Science and Tech

Actions

Single 'Coin' Card Replaces All Your Credit, Debit Cards

Coin is a smart card that stores your credit and debit card information, so all you have to do is select which one to use and swipe.
Posted at 3:03 PM, Nov 15, 2013

You might have a credit card, debit card, membership card, gift card, business card, rewards card — and, yes, another credit card — cluttering your wallet. But how about a card card?

Let me explain. This is Coin. It's a smart card that keeps all those other cards in one place. (Via Coin)

"And I can pay for stuff with any of them. I'm going to use the personal card for this."

Thanks to a small readout and button, Coin users can select debit, credit or whatever they choose before a purchase. The smart card swipes just like the ones you're used to, so there's no change for your server. 

And don't worry, NBC writes, "It's not going to tick off your bank — they won't even notice, for one thing, and Coin checked ahead of time to make sure this whole process is legal and approved."

And getting cards into Coin is as easy as paying for groceries.

Just plug in this Square-looking device and swipe. Coin pulls your info off the card. You can then take a picture so you'll know which card it is on your phone. (Via Coin)

If having all your info on one card is concerning, Coin's CEO tells The Verge, "An online wallet holds your information, and we're just like that, but on the ground."

Still, Coin has a couple security features. It's constantly syncing with your phone via low-energy Bluetooth.

So when you inevitably leave the card behind somewhere, you'll get a push notification telling you of your mistake. And if you're away for too long, Coin deactivates entirely. (Via Coin)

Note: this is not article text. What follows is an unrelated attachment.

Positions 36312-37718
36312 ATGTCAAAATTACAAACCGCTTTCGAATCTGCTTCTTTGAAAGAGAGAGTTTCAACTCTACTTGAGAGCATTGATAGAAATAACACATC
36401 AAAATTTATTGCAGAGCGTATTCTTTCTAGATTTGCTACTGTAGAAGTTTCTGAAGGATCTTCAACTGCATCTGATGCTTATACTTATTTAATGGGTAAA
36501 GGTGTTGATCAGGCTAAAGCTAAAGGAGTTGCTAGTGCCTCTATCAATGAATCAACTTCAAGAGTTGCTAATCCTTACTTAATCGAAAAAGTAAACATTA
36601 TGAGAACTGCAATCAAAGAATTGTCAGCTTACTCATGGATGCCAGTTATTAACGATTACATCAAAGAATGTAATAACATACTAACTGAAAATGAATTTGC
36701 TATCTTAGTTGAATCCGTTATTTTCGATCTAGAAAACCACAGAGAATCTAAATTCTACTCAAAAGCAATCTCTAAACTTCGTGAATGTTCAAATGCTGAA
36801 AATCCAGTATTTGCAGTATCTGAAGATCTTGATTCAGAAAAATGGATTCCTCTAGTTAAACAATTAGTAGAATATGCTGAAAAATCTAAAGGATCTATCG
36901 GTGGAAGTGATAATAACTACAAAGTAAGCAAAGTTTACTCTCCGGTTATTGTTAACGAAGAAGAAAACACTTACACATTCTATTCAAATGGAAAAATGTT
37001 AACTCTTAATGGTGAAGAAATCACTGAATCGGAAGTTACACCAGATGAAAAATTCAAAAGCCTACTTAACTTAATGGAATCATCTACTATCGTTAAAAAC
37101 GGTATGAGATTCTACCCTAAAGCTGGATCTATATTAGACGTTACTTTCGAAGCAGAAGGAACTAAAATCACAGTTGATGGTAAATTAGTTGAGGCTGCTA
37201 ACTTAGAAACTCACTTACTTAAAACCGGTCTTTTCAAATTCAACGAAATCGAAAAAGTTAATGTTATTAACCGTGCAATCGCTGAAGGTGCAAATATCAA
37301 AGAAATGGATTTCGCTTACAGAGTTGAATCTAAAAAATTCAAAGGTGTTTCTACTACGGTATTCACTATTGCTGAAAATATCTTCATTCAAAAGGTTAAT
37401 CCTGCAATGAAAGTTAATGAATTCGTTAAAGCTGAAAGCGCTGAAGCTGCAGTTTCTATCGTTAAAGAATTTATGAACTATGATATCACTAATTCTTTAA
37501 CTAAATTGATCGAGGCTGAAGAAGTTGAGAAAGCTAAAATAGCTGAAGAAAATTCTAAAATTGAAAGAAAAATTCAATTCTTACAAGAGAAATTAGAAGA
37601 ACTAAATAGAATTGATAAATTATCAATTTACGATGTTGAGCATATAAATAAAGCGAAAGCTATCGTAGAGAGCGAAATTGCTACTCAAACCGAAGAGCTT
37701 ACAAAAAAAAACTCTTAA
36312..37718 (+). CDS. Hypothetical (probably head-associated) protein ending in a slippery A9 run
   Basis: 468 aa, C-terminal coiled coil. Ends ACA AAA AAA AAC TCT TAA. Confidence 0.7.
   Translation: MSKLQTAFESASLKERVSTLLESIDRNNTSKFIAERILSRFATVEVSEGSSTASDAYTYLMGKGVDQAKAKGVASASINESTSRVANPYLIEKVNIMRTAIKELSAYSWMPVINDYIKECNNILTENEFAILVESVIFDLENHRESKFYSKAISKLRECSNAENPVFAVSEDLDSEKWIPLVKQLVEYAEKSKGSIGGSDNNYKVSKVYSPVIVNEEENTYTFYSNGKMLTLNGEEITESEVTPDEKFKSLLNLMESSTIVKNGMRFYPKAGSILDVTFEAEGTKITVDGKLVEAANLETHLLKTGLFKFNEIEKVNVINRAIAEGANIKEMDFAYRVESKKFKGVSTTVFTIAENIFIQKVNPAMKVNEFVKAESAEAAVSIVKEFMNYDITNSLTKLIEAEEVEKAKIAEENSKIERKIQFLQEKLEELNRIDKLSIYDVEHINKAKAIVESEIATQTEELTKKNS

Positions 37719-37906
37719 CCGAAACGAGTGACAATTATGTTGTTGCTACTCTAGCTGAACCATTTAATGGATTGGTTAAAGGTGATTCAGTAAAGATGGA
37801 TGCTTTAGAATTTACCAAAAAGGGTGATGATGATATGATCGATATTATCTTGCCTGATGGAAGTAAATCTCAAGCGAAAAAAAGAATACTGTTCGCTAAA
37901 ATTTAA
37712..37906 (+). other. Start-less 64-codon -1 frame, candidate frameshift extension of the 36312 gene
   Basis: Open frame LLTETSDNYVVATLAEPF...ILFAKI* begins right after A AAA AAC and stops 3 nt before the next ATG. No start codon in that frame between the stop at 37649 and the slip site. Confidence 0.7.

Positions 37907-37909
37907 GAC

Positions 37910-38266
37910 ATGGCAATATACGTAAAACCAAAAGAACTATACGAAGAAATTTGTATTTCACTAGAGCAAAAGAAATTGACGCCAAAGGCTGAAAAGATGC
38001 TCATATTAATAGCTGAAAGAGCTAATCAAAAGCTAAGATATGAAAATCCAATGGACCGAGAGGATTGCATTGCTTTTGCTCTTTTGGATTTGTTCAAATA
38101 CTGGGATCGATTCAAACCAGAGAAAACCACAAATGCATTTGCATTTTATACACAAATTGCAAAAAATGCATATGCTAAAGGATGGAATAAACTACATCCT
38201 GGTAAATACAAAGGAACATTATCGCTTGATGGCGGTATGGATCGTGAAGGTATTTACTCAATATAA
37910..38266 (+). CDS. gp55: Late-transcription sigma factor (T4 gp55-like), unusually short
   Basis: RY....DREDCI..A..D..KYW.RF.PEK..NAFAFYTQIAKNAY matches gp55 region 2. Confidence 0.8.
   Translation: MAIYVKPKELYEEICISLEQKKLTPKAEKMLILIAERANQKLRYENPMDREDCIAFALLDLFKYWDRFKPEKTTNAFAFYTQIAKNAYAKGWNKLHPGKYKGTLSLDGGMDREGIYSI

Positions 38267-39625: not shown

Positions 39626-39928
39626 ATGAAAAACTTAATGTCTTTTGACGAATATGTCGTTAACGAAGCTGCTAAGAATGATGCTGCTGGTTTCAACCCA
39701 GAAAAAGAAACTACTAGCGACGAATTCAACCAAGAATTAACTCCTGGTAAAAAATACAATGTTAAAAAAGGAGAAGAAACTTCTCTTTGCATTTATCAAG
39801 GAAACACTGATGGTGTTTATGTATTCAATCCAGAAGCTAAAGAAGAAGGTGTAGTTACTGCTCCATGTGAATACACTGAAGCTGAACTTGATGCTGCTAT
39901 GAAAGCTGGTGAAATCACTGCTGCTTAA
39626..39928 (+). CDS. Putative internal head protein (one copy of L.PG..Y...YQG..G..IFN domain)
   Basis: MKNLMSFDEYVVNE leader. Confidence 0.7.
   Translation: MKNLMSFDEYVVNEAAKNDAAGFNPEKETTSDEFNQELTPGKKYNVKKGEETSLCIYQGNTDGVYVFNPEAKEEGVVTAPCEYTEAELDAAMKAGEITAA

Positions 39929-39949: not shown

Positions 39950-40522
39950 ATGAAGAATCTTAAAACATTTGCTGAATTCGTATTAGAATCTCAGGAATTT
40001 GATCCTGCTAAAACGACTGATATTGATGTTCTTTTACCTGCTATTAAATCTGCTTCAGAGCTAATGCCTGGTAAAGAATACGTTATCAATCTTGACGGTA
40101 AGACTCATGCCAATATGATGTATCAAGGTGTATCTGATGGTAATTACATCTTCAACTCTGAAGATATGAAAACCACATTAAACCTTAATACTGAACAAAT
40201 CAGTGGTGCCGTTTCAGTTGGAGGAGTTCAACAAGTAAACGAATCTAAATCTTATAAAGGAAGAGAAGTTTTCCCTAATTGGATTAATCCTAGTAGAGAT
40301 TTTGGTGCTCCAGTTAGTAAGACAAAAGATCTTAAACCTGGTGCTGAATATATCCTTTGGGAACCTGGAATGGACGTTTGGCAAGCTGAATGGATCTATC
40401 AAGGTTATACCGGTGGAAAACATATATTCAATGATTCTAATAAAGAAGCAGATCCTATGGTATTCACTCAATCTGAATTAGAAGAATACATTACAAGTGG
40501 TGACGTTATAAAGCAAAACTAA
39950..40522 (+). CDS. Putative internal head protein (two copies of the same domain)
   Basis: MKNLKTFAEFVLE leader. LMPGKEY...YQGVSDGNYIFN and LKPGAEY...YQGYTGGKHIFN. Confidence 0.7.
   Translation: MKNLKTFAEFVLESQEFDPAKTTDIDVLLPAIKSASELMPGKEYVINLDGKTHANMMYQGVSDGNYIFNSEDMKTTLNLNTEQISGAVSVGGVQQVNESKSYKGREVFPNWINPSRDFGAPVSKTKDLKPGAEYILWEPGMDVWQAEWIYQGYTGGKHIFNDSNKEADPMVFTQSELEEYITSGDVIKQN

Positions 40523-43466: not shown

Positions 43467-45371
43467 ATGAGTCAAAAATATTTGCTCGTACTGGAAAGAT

Seems convenient — until it's not. A writer for Quartz points out the problem with Coin's reliance on your smartphone.

"In those odd moments that you find yourself with a dead phone battery, [Coin] ceases to function. … Late at night, when you need to pay a cab, tow truck, restaurant bill or whatever else you need to get you back to a place where you can charge your phone again."

But a writer for Slate doesn't see that as a problem. Instead, he thinks the issue is that Coin is a "stopgap technology." Sure, Coin consolidates, but unlike Google Wallet, it still relies on the traditional method of payment: swiping a card.

Still, the company thinks that's the right play.

Much in the way Square upgraded the card reader, Coin is trying to upgrade the card — something people already know how to use.

Coin is currently available for pre-order on its site. A limited quantity are available for $50. Otherwise, the card will cost $100 and start shipping in summer 2014.

We're looking at you, guy with the George Costanza wallet. Think about it. (Via NBC)